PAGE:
B&R needs broader support
Global Times

Wickremesinghe inspects the Port City project in Colombo, an infrastructure project co-developed by China and Sri Lanka, in January. (Photo: VCG)

China may have proposed the Belt and Road (B&R) initiative but the aim is for it to involve many countries, experts said on Sunday, with more diversified investors as well as financial institutions expected to play a bigger role in bridging the funding gaps in B&R projects. 

Five years have passed since China first proposed the B&R initiative in Kazakhstan, and China has seen growing trade and investment with countries and regions along the routes of the initiative. 

For instance, the country's new outbound investment in 52 countries along the routes increased by 22.4 percent year-on-year in the first quarter of 2018, rising to $3.61 billion according to official data. 

However, there have  been complaints about China's problems with funding for B&R projects. 

The Chinese government has promised $1 trillion worth of infrastructure investment under the B&R. But the funding for transportation projects stood at $90 billion between 2014 and 2017, the Asia Times reported on May 18, citing data from the Center for Strategic and International Studies (CSIS). Also, the CSIS noted in an earlier study that China's $1 trillion promise may not be met for several years. 

It is a misunderstanding to assume that the Chinese government alone will take responsibility for B&R investment, Huang Rihan, executive director of the Belt and Road Institute at the Center for China and Globalization, told the Global Times on Sunday.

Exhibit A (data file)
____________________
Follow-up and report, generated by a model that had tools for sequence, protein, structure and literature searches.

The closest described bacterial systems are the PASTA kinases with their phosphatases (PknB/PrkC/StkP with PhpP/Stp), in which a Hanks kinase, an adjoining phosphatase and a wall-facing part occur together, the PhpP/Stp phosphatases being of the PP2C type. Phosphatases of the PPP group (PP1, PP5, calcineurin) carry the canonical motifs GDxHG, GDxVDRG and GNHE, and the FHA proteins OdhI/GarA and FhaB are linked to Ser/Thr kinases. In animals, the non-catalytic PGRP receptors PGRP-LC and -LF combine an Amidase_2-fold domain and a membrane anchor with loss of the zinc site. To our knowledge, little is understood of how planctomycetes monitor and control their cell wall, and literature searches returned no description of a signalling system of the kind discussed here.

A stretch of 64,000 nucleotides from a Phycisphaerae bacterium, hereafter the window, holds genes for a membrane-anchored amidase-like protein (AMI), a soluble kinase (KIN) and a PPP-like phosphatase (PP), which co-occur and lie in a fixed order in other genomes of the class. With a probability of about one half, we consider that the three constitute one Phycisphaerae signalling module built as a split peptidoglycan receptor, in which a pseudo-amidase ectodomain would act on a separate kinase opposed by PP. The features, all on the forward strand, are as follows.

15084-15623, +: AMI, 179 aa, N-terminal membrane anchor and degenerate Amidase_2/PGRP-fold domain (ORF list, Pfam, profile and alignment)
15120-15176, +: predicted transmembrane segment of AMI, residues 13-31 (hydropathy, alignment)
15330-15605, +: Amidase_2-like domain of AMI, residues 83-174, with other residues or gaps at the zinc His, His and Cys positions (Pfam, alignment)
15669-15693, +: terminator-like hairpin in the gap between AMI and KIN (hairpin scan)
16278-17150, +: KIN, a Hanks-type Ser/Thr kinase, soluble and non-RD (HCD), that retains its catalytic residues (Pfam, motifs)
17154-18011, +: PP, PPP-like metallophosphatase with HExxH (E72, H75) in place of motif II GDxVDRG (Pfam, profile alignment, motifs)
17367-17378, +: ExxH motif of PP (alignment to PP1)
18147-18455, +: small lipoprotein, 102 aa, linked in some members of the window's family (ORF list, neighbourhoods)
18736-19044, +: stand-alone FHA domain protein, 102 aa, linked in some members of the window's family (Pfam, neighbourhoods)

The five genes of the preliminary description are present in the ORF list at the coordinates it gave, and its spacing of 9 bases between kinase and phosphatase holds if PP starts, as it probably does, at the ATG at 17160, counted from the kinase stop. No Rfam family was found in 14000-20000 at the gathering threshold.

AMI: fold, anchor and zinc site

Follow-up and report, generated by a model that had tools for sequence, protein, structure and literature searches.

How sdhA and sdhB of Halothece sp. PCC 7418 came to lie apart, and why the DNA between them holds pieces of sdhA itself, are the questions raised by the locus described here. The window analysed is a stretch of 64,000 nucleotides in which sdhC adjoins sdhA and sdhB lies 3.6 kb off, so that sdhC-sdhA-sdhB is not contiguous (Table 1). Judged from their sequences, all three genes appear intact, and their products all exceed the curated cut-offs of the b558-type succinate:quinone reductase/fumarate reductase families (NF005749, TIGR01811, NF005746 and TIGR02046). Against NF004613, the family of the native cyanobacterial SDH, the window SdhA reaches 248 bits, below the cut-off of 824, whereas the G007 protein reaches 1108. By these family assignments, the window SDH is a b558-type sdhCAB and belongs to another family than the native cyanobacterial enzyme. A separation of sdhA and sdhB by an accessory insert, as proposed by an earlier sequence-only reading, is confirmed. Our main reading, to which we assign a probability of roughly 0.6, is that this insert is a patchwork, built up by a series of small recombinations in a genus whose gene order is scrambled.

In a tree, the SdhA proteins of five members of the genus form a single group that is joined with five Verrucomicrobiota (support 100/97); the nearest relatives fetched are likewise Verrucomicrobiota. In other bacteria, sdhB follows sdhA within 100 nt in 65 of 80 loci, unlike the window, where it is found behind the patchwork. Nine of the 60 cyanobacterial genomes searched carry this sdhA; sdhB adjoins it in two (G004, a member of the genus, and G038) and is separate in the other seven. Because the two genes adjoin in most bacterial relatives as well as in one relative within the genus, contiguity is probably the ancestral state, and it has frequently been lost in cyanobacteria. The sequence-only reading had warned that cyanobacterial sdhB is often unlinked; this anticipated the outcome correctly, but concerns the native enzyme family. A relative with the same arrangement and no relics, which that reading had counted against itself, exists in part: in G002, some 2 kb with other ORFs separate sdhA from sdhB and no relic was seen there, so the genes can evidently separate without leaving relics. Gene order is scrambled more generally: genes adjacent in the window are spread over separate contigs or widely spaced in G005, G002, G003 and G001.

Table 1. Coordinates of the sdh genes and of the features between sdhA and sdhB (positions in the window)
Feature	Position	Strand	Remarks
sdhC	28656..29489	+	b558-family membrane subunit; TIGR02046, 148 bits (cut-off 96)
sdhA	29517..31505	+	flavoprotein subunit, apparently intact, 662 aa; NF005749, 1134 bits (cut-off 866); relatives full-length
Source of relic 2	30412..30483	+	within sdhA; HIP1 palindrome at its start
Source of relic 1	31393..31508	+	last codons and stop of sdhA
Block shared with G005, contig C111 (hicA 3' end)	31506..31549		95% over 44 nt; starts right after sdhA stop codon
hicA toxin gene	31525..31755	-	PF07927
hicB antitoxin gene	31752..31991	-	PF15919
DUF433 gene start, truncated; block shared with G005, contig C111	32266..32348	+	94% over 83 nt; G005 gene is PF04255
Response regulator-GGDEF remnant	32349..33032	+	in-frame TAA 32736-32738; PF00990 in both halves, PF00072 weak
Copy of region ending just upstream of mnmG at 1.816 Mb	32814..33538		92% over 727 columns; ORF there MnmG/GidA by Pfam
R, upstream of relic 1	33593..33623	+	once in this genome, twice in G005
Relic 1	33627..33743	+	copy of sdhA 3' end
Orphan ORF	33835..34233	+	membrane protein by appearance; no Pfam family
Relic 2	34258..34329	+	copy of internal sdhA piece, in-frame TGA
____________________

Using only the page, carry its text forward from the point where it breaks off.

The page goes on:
"B&R projects follow rules of wide consultation and open negotiations, which aim to bring joint benefits for all parties involved," he said. 

The projects, which should become profitable not only for Chinese investors but also for local operators, cannot be subsidized solely by the Chinese government, Huang noted. "They're market-driven projects," he noted.

The G20-backed Global Infrastructure Hub forecast in a report released in July 2017 that the cost to close infrastructure gaps will reach $94 trillion by 2040, and every year $3.7 trillion will need to be invested in infrastructure to meet the demands of the growing global population. 

"Considering this huge gap worldwide, it is a common situation for countries to face financing shortages in infrastructure projects," Xiang Junyong, an expert at the Chongyang Institute for Financial Studies at Renmin University of China, told the Global Times on Sunday. "The B&R aims to expand financing channels for infrastructure projects and bring in more diversified investors," he said. 

More active players 

The Silk Road Fund (SRF) and multilateral financial institutions such as the Asian Infrastructure Investment Bank and the New Development Bank currently constitute major sources of financing for B&R projects, Xiang noted. "Also, some Chinese companies have been seeking more funding on their own. For example, State Grid issued bonds to support its power projects in Brazil," he said. 

Still, a financing mechanism supported by various players has to be further improved, Xiang noted. "For instance, the Asian Financial Cooperation Association should play a more active role in attracting various investors such as commercial banks and insurance companies to B&R projects, and certain funds under the SRF should also be rechanneled to areas where the need is greater," he said. 

In addition, many countries along the routes are heavily in debt, and their liability ratios are beyond global warning levels, which dampens the outlook for raising more funds, the South China Morning Post reported in April. 

"In this case, China-led projects could be seen as examples for some less-developed markets, and then more players such as private and institutional investors would follow in their steps," Xiang noted.